TIME 5:31

  29. All correct, despite some unknown vocabulary- AMAIN, ACERB etc.
    Wound dehiscence is a frightening surgical emergency for a patient who has probably started mobilising after a big operation.

  30. A rare sub-5 minutes, so definitely a very easy Monday. Almost a clean sweep too, the only one I had to revisit (for no good reason) was DUCHESS. Agree with K that it was odd to be easy with all the unusual words.

  31. Well, I wasn’t at the races today then! OK, I was well under 20 mins, which I once thought was only a pipe dream, but similar snitches last week were much quicker.

    Just a wavelength thing I think – as everything fell into place in the end, just relatively slowly!


  32. 17:26

    Though this might be fast when I bunged in the LHS in double-quick time. However the RHS seemed a little chewier with the unknown (to me) ARECA and the mysterious port _A_A_A – Malaga? Finally remembered the non-FRET word for a sea mist and bunged in HAVANA (though I’d read Our Man In …… funnily enough while staying in Malaga, I’d forgotten it was full of references to boats).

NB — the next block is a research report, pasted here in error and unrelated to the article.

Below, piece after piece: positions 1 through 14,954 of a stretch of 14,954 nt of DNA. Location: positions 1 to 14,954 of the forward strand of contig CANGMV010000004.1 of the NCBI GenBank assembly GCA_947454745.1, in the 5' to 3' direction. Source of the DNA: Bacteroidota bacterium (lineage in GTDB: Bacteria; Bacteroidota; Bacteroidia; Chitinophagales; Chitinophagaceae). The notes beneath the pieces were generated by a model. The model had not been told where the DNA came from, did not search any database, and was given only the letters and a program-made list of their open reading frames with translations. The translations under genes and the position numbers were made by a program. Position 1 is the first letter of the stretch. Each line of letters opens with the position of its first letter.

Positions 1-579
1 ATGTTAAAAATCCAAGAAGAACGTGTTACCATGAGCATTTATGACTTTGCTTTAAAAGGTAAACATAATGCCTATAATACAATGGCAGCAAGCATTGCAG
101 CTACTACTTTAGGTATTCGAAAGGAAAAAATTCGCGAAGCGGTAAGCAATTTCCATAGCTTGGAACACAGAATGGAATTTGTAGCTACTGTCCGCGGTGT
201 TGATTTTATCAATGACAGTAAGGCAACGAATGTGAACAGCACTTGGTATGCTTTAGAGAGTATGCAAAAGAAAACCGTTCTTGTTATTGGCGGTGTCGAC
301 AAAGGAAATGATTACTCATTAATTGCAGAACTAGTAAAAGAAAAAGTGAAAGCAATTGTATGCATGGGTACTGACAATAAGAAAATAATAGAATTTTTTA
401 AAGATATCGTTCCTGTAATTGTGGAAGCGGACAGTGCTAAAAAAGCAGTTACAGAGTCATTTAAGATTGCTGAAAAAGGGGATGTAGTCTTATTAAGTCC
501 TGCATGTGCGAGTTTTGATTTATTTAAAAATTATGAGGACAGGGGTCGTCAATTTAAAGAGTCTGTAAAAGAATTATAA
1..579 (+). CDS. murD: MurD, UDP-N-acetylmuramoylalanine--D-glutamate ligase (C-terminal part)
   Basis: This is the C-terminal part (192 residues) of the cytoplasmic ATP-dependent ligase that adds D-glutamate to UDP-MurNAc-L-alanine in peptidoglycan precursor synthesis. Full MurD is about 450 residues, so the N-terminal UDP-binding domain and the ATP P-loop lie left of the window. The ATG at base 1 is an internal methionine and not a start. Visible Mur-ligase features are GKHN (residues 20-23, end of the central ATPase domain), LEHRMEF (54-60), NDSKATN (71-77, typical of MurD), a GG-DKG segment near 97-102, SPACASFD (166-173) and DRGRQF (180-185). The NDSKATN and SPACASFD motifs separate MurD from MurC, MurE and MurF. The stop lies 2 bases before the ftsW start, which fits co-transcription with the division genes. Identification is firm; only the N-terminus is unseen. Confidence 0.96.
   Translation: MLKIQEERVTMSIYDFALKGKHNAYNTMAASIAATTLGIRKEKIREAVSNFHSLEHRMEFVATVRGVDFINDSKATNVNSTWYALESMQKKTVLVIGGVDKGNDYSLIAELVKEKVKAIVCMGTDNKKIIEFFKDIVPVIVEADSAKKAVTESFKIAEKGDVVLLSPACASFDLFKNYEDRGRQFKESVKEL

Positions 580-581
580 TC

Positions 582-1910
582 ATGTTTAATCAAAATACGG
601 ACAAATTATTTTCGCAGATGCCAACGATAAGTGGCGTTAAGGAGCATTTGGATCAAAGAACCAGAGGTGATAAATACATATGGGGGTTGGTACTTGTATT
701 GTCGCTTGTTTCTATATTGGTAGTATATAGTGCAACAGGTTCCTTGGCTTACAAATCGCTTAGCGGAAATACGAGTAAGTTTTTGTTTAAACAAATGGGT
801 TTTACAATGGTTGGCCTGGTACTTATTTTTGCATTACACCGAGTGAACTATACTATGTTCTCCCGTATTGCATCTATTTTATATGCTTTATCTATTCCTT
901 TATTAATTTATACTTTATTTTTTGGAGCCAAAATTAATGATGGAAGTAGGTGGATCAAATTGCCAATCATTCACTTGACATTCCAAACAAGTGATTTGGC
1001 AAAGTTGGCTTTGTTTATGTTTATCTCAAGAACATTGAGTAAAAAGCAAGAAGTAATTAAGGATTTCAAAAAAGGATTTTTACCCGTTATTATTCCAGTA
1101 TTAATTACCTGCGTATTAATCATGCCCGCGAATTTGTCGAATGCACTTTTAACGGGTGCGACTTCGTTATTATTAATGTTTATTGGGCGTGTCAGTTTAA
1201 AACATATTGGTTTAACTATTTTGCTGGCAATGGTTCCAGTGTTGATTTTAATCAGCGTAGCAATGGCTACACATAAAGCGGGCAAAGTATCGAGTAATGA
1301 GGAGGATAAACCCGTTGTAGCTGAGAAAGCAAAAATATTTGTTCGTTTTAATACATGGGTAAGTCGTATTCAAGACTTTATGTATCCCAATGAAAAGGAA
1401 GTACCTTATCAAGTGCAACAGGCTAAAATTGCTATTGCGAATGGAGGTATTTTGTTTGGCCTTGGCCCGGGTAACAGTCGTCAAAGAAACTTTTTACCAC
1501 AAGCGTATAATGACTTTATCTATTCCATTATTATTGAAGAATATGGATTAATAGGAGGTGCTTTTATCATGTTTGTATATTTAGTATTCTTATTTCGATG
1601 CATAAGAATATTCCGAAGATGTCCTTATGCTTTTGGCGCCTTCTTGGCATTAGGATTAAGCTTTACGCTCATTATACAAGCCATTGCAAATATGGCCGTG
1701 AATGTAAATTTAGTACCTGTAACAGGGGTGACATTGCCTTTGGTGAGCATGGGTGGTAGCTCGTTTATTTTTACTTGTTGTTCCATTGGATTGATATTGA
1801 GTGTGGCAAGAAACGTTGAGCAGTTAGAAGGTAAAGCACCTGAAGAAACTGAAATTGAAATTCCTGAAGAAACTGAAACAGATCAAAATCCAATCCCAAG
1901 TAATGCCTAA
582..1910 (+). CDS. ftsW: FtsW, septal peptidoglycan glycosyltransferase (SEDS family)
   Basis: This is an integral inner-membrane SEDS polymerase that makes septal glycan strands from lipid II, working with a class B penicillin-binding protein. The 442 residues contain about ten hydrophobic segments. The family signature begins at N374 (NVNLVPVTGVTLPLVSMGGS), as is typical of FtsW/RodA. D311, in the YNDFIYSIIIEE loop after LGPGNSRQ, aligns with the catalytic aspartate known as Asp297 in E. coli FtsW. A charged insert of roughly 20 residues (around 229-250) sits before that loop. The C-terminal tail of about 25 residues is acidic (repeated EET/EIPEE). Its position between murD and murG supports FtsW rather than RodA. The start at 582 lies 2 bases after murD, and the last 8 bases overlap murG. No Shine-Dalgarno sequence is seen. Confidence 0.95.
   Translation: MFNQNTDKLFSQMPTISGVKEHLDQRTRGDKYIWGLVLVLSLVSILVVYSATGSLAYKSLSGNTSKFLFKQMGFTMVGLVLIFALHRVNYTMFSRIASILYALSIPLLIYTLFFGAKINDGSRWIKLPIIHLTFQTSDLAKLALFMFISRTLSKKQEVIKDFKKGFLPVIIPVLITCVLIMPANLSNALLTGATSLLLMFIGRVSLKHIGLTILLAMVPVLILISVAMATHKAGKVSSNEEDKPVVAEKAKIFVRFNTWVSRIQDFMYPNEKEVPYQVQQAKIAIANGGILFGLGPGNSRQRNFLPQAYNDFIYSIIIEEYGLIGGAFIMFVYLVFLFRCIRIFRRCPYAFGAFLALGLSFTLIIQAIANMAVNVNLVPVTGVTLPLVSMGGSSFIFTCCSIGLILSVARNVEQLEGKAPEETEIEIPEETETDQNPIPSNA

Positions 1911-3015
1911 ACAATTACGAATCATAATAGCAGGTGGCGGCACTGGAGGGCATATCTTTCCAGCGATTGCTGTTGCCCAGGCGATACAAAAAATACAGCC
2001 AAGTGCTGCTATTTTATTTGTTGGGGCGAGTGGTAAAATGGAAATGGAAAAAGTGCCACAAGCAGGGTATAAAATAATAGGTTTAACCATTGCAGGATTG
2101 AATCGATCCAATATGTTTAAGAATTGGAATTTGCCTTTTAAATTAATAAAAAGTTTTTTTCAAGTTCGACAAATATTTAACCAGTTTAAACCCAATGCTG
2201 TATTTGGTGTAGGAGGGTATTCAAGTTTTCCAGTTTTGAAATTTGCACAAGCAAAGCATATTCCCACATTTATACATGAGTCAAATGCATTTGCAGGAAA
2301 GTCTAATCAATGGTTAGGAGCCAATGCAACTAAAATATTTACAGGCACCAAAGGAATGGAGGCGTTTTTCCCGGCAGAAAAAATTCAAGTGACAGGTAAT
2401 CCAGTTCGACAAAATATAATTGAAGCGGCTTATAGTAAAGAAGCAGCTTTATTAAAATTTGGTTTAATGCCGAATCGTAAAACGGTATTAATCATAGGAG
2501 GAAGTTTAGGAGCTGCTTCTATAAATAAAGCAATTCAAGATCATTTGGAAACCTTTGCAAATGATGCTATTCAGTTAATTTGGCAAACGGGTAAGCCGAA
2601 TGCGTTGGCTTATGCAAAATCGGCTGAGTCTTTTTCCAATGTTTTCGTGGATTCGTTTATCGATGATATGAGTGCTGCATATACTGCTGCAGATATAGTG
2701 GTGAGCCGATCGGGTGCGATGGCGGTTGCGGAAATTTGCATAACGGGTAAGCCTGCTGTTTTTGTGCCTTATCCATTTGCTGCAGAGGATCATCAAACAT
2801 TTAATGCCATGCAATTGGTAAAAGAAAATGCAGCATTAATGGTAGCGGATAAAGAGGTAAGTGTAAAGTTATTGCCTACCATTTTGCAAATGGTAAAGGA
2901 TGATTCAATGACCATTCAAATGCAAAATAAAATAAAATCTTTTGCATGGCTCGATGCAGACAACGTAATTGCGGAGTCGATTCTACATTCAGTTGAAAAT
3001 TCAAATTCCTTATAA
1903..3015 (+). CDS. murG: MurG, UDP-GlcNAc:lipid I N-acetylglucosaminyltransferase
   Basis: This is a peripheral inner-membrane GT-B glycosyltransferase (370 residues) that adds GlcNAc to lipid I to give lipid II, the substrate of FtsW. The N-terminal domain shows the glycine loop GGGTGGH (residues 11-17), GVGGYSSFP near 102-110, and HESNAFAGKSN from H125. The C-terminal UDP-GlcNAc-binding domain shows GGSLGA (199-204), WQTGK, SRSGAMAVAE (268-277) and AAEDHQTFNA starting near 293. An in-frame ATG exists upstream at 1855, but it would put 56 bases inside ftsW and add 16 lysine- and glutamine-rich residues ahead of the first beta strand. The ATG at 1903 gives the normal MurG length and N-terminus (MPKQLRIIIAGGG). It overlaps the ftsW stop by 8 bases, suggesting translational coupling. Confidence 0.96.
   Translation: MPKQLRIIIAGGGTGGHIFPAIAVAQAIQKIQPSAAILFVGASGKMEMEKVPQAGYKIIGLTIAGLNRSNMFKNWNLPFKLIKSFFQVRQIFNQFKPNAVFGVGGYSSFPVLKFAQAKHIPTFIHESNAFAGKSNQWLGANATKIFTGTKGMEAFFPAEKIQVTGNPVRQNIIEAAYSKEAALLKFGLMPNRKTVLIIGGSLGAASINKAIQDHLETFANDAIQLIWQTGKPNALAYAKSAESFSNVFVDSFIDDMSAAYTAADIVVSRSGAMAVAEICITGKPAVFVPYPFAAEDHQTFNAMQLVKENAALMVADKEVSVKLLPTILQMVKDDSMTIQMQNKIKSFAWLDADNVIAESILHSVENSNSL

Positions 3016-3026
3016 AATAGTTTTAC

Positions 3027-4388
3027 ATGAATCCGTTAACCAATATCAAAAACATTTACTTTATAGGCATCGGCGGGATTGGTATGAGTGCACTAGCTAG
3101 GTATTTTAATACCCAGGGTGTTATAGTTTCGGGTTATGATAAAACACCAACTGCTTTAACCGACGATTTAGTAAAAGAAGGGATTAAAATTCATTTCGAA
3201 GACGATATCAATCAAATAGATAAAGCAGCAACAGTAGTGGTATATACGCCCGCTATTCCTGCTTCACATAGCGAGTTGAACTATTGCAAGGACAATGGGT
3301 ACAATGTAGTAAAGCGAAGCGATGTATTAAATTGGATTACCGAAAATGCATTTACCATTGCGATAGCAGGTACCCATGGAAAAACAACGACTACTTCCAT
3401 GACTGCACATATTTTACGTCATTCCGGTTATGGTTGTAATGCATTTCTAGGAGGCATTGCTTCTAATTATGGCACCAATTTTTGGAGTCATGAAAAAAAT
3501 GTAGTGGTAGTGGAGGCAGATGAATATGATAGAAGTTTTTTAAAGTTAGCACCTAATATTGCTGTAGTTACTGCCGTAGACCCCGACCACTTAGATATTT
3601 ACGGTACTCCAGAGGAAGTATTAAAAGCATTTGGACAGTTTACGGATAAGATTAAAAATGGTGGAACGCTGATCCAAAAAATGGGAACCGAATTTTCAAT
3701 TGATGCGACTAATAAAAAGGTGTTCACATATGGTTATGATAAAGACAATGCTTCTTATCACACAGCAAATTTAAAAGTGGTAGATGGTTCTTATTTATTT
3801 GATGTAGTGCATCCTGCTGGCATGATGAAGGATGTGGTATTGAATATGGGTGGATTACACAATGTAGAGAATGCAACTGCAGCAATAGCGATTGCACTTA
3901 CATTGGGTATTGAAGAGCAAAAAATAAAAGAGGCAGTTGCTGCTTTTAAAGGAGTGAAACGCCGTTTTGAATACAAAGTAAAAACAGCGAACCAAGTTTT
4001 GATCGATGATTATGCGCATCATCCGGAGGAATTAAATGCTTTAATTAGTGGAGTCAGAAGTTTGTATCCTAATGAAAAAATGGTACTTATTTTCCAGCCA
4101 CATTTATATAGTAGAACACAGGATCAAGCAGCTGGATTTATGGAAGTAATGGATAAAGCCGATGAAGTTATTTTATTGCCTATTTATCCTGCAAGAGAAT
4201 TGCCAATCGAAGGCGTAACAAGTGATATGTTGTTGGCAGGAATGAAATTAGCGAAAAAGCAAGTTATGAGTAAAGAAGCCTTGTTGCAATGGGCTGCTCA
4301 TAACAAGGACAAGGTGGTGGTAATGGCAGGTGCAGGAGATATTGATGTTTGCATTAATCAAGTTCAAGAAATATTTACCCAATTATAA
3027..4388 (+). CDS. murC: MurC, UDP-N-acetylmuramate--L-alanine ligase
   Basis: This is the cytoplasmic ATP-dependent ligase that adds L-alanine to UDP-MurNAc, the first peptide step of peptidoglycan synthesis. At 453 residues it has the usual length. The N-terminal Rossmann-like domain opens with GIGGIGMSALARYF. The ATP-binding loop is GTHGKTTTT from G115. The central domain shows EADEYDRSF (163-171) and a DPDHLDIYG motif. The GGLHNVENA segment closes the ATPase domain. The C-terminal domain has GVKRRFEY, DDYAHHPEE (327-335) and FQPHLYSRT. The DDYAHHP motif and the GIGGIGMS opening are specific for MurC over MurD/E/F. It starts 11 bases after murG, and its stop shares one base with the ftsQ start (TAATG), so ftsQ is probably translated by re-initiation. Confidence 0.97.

33. I had a feeling DEHISCE referred to the spontaneous splitting of seed pods on plants, but I see on looking it up that it can also refer to wounds, as Dr Kitching says above, though I imagine that’s one for the professional medics. Anyway, not a problematic crossword – some unknowns like AMAIN, PAYLOADS and ARECA, but readily solvable using the cryptics. CADENCE was entered with some doubt, as I was thinking of the musical definition rather than speech. FOI 6D ALL OVER… , LOI DOWELLING, immediately following the W from TWISTS. Tackled over lunch in about half an hour.